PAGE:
Metal or tile is usually selected for architectural or aesthetic reasons. Such premium, architectural roofs are often customized to the building. It makes sense to use a premium underlayment beneath a premium roof. Also, the cost of labor for installing a roof can easily exceed the cost of materials. The additional cost for premium underlayment compared to conventional roll roofing is minor in comparison to the installation cost of the entire roof. These considerations favor the use of premium underlayments beneath metal and tile.
Mod Bit ProblemsModified bitumens have been used as underlayments for metal roofs in the past, but there were several drawbacks associated with them. The first has to do with the high temperatures that are reached beneath a metal roof. In direct sunlight these roofs become quite hot, and this heat is conducted to the underlayment. Aluminum or copper roofs, and dark-colored painted steel roofs, can be hot enough to cause SBS-modified bitumen to melt and drip down the side of the building. In metal roofing applications, it is critical that the underlayment used must have the ability to withstand high temperatures. Also, the SBS-asphalt blend must remain stable at these temperatures.
Because a metal roof can get hotter than a black asphalt-shingle roof, underlayments for metal roofing must resist flow at even higher temperatures. To meet this requirement, the PS type of premium underlayment from Tarco, for example, has been formulated to remain stable to at least 260 degrees F, which is well above even the highest temperatures found on roofs under extreme heat conditions.
Stretching and StickingAnother problem with metal is that its rate of thermal expansion is much higher than that of other materials. Combined with bitumen oozing, this can cause a sticky situation. The oozing mod-bit can glue the underlayment to the underside of the metal roof, which results in tearing as the metal roof expands.
The larger the roof surface, the greater the expansion - which places significant strain on the underlayment. Even if the bitumen-oozing problem is resolved, friction between sanded or mineral surfaces and a metal roof can damage the underlayment as well as the roof. As the metal repeatedly expands and contracts, the granules act like sand paper, abrading the underside of the roof, removing the anticorrosion layer and exposing the metal to corrosion.
Experience shows that a polymer surface underlayment is the best choice for use under large metal roofs, particularly in commercial applications. The polymer provides adequate slip resistance for installers, yet it easily slides beneath the metal roofing, and it is too soft to abrade the metal. At the same time, the smooth polymer surface provides better contact with the metal roof, improving heat conduction from the roof to the deck, which helps to reduce the peak temperatures. This combination of polymer surface and compound stability in one premium, self-adhering membrane results in a trouble-free underlayment for metal roofs.
Vapor BarrierOften, metal roof systems that fail due to corrosion actually rust from the inside out, the result of condensation on the metal's underside. One way to prevent this is to cover the entire roof deck with a premium underlayment, which prevents moisture from forming beneath the metal.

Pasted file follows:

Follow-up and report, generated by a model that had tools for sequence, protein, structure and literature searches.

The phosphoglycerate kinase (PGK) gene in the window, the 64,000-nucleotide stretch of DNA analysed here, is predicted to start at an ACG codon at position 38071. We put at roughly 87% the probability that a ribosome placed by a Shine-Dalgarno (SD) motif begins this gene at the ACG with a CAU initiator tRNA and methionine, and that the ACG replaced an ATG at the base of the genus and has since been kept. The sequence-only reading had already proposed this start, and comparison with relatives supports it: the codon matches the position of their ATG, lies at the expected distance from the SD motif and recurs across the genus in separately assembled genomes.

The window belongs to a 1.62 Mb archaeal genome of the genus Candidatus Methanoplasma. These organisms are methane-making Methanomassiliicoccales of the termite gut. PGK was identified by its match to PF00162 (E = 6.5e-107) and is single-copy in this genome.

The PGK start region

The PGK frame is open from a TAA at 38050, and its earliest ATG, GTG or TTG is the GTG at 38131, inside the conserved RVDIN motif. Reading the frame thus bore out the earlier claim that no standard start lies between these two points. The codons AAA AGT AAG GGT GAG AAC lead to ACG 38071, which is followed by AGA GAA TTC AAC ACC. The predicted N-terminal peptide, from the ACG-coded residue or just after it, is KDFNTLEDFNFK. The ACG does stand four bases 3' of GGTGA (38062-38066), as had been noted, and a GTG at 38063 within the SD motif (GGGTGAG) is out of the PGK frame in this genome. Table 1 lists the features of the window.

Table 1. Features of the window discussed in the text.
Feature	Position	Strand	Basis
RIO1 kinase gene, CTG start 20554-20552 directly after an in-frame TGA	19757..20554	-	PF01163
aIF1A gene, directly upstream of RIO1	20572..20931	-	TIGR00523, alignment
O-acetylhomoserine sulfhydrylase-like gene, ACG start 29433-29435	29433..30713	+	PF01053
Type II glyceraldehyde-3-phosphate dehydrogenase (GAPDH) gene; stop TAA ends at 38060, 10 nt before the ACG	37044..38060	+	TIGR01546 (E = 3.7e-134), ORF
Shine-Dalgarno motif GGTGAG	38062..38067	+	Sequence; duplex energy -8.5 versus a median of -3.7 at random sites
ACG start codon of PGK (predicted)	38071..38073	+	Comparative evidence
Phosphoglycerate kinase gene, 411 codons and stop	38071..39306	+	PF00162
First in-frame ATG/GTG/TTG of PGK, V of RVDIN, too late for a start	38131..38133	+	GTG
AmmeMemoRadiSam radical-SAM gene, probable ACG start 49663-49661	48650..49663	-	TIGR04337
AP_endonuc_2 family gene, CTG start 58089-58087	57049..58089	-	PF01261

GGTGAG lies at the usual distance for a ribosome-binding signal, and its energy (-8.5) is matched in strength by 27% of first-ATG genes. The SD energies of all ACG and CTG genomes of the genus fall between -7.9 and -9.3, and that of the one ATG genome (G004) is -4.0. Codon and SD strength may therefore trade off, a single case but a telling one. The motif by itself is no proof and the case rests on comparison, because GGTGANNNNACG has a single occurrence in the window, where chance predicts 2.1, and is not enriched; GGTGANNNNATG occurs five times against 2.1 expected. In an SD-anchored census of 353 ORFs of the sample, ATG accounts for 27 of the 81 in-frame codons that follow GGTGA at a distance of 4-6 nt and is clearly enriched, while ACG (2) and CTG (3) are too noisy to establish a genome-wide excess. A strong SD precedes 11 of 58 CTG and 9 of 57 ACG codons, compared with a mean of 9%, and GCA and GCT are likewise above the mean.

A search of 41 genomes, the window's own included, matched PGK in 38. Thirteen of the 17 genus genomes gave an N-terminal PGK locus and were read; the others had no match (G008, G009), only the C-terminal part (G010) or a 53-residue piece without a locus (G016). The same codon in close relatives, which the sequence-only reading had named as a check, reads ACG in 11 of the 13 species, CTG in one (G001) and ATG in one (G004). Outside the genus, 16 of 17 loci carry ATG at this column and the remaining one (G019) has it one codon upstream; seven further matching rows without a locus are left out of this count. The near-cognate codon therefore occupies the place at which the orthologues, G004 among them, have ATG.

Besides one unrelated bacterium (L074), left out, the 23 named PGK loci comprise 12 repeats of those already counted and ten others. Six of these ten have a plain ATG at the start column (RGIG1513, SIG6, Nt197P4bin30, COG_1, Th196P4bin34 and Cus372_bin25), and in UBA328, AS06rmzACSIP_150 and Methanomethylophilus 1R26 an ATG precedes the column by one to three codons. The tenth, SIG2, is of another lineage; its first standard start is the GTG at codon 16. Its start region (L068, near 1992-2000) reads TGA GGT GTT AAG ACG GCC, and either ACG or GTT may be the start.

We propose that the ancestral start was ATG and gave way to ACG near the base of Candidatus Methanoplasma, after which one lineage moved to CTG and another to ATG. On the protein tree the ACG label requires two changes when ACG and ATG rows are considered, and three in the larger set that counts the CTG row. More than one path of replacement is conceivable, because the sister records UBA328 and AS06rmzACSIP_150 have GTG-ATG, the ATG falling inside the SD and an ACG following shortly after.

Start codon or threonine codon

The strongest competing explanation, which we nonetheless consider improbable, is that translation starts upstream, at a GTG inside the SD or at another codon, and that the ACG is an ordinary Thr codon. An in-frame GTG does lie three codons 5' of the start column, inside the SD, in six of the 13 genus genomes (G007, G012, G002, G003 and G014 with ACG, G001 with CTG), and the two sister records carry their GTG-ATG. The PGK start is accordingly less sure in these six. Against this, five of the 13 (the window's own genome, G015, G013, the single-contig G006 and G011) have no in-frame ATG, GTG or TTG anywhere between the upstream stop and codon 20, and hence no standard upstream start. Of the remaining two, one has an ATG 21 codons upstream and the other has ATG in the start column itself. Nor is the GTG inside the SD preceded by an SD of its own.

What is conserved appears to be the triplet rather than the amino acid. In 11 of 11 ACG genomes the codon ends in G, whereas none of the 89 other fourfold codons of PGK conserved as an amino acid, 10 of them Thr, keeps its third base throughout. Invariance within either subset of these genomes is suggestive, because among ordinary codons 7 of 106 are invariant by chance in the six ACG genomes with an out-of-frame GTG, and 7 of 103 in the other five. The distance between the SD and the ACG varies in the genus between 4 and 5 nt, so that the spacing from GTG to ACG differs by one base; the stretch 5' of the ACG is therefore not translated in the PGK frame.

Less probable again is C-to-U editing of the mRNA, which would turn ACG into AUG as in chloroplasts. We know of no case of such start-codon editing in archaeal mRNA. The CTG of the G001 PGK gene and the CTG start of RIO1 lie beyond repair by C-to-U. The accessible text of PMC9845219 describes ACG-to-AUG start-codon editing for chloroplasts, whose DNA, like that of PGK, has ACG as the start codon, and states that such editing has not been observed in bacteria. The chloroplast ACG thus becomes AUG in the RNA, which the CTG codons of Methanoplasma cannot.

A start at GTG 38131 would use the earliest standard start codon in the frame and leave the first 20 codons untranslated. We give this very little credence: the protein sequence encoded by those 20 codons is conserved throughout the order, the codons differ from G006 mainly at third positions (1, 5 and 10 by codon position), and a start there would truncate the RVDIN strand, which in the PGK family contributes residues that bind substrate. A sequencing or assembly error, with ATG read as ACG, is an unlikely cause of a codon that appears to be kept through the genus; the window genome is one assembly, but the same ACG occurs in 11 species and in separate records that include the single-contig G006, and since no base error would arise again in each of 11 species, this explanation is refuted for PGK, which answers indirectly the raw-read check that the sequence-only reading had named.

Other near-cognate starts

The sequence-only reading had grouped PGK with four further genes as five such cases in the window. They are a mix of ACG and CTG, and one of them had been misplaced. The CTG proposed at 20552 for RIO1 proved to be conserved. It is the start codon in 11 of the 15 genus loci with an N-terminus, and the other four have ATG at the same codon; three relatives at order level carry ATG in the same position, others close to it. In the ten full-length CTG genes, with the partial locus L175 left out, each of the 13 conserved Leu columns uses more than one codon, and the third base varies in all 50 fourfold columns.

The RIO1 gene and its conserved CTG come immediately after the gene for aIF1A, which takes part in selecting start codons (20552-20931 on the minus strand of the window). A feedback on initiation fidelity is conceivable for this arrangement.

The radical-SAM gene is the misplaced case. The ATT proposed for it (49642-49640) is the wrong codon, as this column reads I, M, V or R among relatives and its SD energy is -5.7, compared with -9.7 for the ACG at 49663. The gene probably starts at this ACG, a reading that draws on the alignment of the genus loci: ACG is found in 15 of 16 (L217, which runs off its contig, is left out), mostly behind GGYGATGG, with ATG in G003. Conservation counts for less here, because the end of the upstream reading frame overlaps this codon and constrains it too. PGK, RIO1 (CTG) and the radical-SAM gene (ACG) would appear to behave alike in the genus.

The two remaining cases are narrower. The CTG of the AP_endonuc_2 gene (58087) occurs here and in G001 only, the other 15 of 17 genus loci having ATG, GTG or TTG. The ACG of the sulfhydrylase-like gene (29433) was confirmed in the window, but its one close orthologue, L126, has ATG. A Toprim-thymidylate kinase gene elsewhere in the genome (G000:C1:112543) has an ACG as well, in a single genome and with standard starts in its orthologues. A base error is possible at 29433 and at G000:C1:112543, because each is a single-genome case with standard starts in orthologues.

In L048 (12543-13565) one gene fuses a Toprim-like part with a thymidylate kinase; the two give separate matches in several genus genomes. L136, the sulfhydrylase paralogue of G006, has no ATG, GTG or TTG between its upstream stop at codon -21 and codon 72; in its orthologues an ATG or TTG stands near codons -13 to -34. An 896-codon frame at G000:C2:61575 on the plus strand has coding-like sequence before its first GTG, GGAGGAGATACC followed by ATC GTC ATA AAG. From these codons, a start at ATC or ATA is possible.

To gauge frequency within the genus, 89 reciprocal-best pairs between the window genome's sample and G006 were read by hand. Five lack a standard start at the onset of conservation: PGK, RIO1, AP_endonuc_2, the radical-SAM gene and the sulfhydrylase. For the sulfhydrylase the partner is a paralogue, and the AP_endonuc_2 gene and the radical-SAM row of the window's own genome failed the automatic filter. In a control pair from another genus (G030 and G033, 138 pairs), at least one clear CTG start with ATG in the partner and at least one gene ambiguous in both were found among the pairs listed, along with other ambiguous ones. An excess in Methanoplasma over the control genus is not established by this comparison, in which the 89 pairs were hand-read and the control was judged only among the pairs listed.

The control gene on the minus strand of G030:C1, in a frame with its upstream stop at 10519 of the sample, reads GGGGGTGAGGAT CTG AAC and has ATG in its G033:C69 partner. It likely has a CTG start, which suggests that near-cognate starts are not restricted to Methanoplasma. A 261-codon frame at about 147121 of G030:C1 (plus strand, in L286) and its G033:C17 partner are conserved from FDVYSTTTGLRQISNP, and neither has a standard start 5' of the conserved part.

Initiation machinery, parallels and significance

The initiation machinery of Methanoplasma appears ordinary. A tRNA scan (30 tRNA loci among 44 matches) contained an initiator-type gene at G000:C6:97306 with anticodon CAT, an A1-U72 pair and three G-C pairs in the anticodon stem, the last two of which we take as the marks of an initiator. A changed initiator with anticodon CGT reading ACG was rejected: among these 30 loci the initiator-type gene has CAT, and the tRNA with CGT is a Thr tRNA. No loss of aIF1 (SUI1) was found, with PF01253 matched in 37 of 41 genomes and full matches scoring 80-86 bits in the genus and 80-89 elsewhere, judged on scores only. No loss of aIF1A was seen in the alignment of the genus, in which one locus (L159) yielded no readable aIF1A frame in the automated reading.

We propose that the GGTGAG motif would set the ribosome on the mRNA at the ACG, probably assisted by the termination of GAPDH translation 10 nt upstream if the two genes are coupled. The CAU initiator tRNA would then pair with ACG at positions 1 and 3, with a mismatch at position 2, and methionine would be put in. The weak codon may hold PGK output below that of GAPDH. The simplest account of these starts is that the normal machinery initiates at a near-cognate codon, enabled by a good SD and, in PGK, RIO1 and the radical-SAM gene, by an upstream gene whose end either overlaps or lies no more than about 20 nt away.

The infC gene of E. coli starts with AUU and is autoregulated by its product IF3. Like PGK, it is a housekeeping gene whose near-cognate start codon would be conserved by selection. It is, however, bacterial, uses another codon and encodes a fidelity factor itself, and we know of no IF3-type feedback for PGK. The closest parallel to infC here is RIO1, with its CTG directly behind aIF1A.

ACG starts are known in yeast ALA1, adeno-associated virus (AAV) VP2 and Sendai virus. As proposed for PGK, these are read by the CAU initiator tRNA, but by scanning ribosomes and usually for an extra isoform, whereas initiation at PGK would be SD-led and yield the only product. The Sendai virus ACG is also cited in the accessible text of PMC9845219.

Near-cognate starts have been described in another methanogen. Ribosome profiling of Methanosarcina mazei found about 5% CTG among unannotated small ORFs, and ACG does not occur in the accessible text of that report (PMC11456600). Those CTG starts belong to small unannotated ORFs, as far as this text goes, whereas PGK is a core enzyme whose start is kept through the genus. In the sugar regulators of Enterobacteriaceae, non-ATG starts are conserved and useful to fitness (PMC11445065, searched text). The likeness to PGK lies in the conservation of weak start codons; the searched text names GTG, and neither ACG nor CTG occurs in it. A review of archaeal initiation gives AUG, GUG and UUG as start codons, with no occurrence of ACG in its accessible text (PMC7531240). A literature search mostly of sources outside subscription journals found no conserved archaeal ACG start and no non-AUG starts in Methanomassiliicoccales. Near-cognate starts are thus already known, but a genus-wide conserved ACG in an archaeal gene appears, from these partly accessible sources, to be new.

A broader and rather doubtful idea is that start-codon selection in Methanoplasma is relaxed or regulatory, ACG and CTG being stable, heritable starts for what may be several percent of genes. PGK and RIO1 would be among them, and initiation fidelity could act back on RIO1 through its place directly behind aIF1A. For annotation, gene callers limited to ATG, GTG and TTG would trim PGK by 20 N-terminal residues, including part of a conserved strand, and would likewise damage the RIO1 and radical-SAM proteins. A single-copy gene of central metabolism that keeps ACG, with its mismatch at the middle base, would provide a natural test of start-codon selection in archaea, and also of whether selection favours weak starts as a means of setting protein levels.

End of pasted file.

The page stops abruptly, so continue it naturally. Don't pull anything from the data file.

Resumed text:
Whenever a vapor retarder is installed under an entire roof system, adequate ventilation must be provided within the attic space. In similar circumstances, watertight underlayments also require proper ventilation, including both ridge and soffit venting. If these precautions are observed, the use of waterproofing underlayments with metal roofs is an attractive option for both the contractor and the building owner.
Building Owner SatisfactionBuilding owner satisfaction is important to a contractor's reputation and critical for his success. Before SBS-membranes, a leak in the primary roof could be catastrophic for the building owner. There was not much protection between the primary roof (metal, tile or shingle) and the roof deck. Therefore, from the owner's perspective, the most important attribute of a self-adhering underlayment is waterproofing. A premium underlayment may be the only defense against the elements when there is a breach in the primary roof. This advantage applies to shingles in a small, steep-sloped residential application as well as to large metal roofs over commercial buildings.
With today's modified-asphalt membranes, the likelihood of a catastrophic failure is greatly reduced, even when there is a penetration of the primary roof. Like the roof systems installed above them, premium underlayments can last for decades if properly covered. This combination of waterproofing underlayment and a physically rugged primary roof provides a degree of confidence in roofing systems that has been unattainable in the past.
Although the market for underlayments under metal roofs is not as large as that for shingles, the use of self-adhering premium underlayments underneath metal roofing, for both residential and commercial applications, represents an important advancement in job quality, security and performance. Square-for-square and dollar-for-dollar, self-adhering SBS-modified-asphalt underlayments are one of the best values in construction materials today.